Limited access to health care, misunderstanding of symptoms and certain beliefs about illness are among the key barriers to early diagnosis and treatment of colorectal cancer in patients with lower socioeconomic status, especially those in minority groups, according to new research published in Diseases of the Colon & Rectum.
Isabel M. Leal, PhD, of the department of general surgery at The University of Texas Health Science Center, and colleagues wrote that despite improved screening for colorectal cancer (CRC), inequalities remain among patients of lower socioeconomic status, particularly among Hispanic people.
The researchers interviewed 30 lower-income patients with stage 2 and 3 CRC at Lyndon B. Johnson General Hospital, a safety-net hospital in Houston. A majority of the study cohort was Hispanic (n = 17; 57%). Researchers asked patients questions about their beliefs and experience of illness, barriers they faced in seeking treatment and care, and perceptions of how their illness impacted daily living.
“Four themes describe factors on the structural, health care system, provider and patients level, that interact to make engaging in prevention foreign to this population, thus limiting early detection and treatment of [CRC],” Leal said in a press release.
The four themes included limited resources for accessing care, misunderstanding and misdiagnosis of symptoms, beliefs associated with health and illness, and reactions to screening and illness.
Regarding the first theme, researchers said many patients reported challenges in seeking a diagnosis and treatment because of their limited access to health care resources, including economic constraints, lack of medical insurance, low health literacy and lack of language-specific information.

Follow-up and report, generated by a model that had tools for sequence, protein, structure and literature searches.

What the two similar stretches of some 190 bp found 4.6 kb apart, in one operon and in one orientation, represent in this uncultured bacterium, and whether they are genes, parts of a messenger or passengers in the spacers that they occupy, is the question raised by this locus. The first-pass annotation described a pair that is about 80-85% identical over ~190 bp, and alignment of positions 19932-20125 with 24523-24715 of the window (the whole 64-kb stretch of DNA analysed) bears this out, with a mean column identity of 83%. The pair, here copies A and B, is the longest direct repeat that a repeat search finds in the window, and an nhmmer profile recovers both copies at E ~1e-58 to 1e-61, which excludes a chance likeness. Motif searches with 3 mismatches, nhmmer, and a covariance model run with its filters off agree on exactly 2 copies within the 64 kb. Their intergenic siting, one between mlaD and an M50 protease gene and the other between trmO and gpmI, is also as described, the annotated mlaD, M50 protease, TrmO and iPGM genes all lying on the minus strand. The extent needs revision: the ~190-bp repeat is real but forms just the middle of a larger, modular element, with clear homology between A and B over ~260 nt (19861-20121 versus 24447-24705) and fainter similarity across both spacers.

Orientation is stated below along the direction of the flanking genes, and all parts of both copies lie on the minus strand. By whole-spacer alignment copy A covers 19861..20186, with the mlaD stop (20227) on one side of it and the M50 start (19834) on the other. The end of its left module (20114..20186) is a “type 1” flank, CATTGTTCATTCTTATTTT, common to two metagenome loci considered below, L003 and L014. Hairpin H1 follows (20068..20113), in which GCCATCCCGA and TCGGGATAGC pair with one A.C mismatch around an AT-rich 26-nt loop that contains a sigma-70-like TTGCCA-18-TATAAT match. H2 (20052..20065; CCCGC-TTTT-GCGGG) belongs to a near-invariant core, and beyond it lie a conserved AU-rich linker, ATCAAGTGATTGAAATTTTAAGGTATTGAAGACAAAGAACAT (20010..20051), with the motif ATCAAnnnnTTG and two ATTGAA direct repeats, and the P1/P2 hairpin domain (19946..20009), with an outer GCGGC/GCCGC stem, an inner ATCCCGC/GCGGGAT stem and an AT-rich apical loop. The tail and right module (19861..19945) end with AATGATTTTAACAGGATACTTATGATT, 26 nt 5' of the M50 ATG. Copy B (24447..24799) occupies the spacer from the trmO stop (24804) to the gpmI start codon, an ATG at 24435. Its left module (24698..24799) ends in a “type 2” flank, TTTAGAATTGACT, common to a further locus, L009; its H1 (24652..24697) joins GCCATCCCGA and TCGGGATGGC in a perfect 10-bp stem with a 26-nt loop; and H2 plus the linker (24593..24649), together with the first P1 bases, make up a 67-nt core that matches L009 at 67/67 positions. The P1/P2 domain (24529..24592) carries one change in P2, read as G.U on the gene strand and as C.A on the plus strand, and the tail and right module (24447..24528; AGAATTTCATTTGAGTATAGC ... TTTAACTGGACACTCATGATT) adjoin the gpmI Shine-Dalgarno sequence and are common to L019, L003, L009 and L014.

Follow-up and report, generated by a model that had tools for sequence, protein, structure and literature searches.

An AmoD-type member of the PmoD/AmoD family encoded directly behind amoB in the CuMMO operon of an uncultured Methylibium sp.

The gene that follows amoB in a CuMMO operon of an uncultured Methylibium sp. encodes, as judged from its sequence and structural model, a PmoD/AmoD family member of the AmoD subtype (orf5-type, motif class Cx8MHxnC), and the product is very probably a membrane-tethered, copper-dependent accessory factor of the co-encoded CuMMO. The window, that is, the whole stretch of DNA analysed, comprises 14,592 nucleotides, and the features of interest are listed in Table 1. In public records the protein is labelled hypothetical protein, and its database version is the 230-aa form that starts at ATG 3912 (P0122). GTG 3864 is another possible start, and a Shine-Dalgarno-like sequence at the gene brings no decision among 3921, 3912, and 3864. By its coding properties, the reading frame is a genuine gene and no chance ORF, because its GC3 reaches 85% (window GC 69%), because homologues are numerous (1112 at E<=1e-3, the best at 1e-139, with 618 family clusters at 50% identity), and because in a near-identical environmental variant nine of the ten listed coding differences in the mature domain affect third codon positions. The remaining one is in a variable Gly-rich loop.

Next, some patients reported that they did not consider the sudden onset of symptoms — like stomachaches, diarrhea or constipation — to be abnormal, and the symptoms persisted for about 2 weeks before they sought medical help at the hospital. Some patients also received a misdiagnosis and did not receive a referral for CRC screening, according to the study.
Third, patients in all ethnic groups involved in the study only sought medical care once a serious problem started to occur. The researchers said getting regular screenings or check-ups when they did not have symptoms was “foreign to them,” and that “the social norm shared within participants’ communities was reliance on healing through faith, self-care, and folk or natural remedies, such as changing the diet, rather than professional medical care.”
Finally, Leal and colleagues noted that the patients reported several psychosocial reactions to screening procedures and symptoms that kept them from seeking care, including maintaining masculinity, distressing or confusing interactions with physicians, fear and embarrassment, and not valuing themselves.
The researchers said their findings can be used to develop culturally tailored interventions and community resources to address disparities in CRC screening and care.
In an accompanying editorial, Timothy M. Geiger, MD, of Vanderbilt University Medical Center, said the study identified factors influencing the patient’s decision to be screened that physicians do not typically address in their short office visits with patients.
“We have direct control only of the provider factors, including knowledge of the risks and the expertise to make sound recommendations to improve quality and quantity of life,” he wrote. “A comprehensive approach that incorporates all four gaps in screening for [CRC] identified by this study will decrease barriers to screening and save lives. The ultimate goal is to decrease both cancer diagnosis and death. To achieve this, we need to better understand our patients and to help patients merge our recommendations into their frame of reference.” – by Alex Young
Disclosures: The study authors and Geiger report no relevant financial disclosures.